Batteries are used as energy storage devices in multiple applications. However, batteries have certain disadvantages, such as low power density, limited life cycle and comparatively slow response in the context of certain applications. The feasibility of using a battery may be limited when dealing with transient high-power demands, such as the output power and load variability from transient renewable energy sources (RES). This may lead to an oversized design of batteries, resulting in increased investment cost and additional power loss due to the slow response of the batteries while compensating for transient peak power demands.
Electric vehicle (EV) batteries are particularly prone to degradation due to high peak power and harsh charging/discharging cycles during acceleration and deceleration. Moreover, battery-powered electric vehicle (BEV) applications require high power, resulting in an oversized battery pack and less optimal use of energy.
Supercapacitors (SC), on the other hand, do not store as much energy as batteries; and have the ability to accumulate and release the energy very rapidly. These devices are suitable for high power vehicle applications, for providing power that is required to accelerate the vehicle or recover the available energy during braking phase. Supercapacitors cannot be used as the sole power source for EVs, as they have low energy density compared to batteries. However, they provide good options to compensate for the high peak of usage during short periods of time when battery power is not sufficient.
Battery-Supercapacitor Hybrid Energy Storage System (HESS)
Battery-supercapacitor hybridization helps overcome the limitations of batteries or supercapacitors. It reduces the stresses applied to batteries, thus improving their life.
The hybridization of the embedded energy storage systems provides the following advantages:,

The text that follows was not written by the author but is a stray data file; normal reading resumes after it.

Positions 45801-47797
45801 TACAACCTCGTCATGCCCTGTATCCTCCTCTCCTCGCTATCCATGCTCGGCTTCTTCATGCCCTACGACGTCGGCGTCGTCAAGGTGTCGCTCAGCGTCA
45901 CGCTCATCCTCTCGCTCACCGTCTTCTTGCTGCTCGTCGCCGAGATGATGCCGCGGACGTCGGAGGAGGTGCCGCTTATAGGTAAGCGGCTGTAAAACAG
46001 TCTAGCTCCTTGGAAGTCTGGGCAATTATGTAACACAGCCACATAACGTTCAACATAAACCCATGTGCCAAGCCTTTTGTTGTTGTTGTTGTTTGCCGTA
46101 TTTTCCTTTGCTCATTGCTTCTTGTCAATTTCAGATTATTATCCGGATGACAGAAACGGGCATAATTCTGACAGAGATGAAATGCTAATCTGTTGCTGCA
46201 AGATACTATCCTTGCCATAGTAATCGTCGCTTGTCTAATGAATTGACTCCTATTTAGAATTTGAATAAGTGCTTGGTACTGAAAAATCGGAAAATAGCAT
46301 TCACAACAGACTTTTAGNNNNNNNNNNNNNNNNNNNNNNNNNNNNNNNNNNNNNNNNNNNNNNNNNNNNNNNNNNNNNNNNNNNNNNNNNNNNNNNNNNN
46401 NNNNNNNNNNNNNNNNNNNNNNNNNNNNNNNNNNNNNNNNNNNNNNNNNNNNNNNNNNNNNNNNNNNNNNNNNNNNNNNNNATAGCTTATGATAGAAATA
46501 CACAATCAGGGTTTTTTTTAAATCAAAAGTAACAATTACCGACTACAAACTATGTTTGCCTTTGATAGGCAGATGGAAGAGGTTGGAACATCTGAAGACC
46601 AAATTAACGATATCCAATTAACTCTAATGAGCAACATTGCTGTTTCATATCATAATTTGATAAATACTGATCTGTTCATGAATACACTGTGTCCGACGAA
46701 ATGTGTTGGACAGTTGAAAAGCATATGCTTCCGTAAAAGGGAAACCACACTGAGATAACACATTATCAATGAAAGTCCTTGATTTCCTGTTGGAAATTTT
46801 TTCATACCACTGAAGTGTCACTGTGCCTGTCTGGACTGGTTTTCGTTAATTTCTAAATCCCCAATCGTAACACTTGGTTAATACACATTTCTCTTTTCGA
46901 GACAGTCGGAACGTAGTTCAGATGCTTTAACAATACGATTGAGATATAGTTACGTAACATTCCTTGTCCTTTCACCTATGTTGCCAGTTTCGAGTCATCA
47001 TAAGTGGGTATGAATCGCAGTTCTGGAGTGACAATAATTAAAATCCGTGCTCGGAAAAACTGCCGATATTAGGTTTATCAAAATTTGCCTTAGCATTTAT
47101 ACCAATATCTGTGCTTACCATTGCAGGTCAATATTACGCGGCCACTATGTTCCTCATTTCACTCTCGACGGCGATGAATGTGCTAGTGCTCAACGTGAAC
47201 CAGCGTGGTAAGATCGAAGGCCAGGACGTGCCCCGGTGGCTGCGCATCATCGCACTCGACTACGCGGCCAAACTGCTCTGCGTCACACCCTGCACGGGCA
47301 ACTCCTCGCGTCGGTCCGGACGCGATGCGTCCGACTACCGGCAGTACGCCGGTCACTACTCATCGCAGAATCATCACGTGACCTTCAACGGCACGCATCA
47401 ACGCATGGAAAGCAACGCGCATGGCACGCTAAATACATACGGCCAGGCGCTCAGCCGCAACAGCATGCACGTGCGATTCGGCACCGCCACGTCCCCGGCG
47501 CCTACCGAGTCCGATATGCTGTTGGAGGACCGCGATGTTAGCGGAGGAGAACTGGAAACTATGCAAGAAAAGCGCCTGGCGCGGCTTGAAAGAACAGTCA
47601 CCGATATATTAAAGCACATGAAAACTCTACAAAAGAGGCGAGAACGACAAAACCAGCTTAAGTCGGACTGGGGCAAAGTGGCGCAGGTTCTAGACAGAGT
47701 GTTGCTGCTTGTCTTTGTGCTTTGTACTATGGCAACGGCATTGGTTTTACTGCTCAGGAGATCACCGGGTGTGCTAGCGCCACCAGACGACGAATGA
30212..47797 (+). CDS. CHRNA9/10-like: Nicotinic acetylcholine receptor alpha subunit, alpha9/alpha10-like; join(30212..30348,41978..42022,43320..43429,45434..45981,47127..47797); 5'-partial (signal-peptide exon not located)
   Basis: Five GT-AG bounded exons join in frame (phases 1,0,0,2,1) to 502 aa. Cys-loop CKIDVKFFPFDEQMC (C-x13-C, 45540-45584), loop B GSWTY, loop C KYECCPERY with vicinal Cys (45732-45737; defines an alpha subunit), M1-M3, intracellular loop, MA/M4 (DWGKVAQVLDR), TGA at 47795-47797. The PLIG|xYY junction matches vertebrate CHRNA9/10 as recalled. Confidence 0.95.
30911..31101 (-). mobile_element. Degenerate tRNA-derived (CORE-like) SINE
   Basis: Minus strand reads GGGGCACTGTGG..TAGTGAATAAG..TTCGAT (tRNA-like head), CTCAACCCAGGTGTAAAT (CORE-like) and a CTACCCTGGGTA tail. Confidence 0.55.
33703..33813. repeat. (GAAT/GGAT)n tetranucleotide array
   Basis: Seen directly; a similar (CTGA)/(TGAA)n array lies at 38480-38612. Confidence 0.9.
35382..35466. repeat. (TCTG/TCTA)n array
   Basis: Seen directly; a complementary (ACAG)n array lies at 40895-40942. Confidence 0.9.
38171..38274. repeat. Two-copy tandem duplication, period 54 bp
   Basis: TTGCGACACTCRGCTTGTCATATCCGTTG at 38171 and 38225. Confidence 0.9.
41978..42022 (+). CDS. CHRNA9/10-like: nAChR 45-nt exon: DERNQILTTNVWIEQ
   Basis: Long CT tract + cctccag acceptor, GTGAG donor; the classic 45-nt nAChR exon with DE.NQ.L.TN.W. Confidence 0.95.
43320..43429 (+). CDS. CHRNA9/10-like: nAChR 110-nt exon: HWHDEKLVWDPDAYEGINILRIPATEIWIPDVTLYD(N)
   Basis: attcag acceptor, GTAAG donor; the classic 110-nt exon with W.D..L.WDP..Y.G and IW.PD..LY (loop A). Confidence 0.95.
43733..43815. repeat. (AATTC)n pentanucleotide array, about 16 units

- Improved Li-ion battery lifetime
- Maximized energy recovery during braking
- Reduced size of embedded energy storage system
- Reduced cost of embedded source
Battery-Supercapacitor Hybrid Energy Storage Systems in Electric Vehicles
Electrification is an important means of decreasing greenhouse gas emissions in the transportation sector. The global electric car fleet has now exceeded 5 million and will continue to increase in future. The energy storage system is a critical part of the electric vehicle. The storage system has to be cost-effective, light, efficient, safe, reliable, occupy less space and have a long life. It should also be produced and disposed of in an eco-friendly way. Interestingly, electric vehicles can be used as back-up storage during periods of grid failure or spikes in demand. Elverlingsen in Germany collects almost 2,000 batteries from Mercedes Benz EVs to create a stationary grid-sized battery that can hold 9 MW of energy.
The lithium-ion (Li-ion) battery technology plays a major role in EVs due to its power and energy density. Supercapacitors (SC) possess extremely high-power density, high cycle time, cycling efficiency and low energy density. Connecting battery pack with supercapacitors is considered to be an effective method to provide energy and power for EVs and Hybrid Electric Vehicles (HEVs) as it results in both high power and high energy capability.
CRE Technologies has developed a hybrid supercapacitor battery that is useful for memory backup, energy storage for short-term operation, power for long-term operation and instantaneous power, for applications that require relatively high current units up to several hundreds of amperes.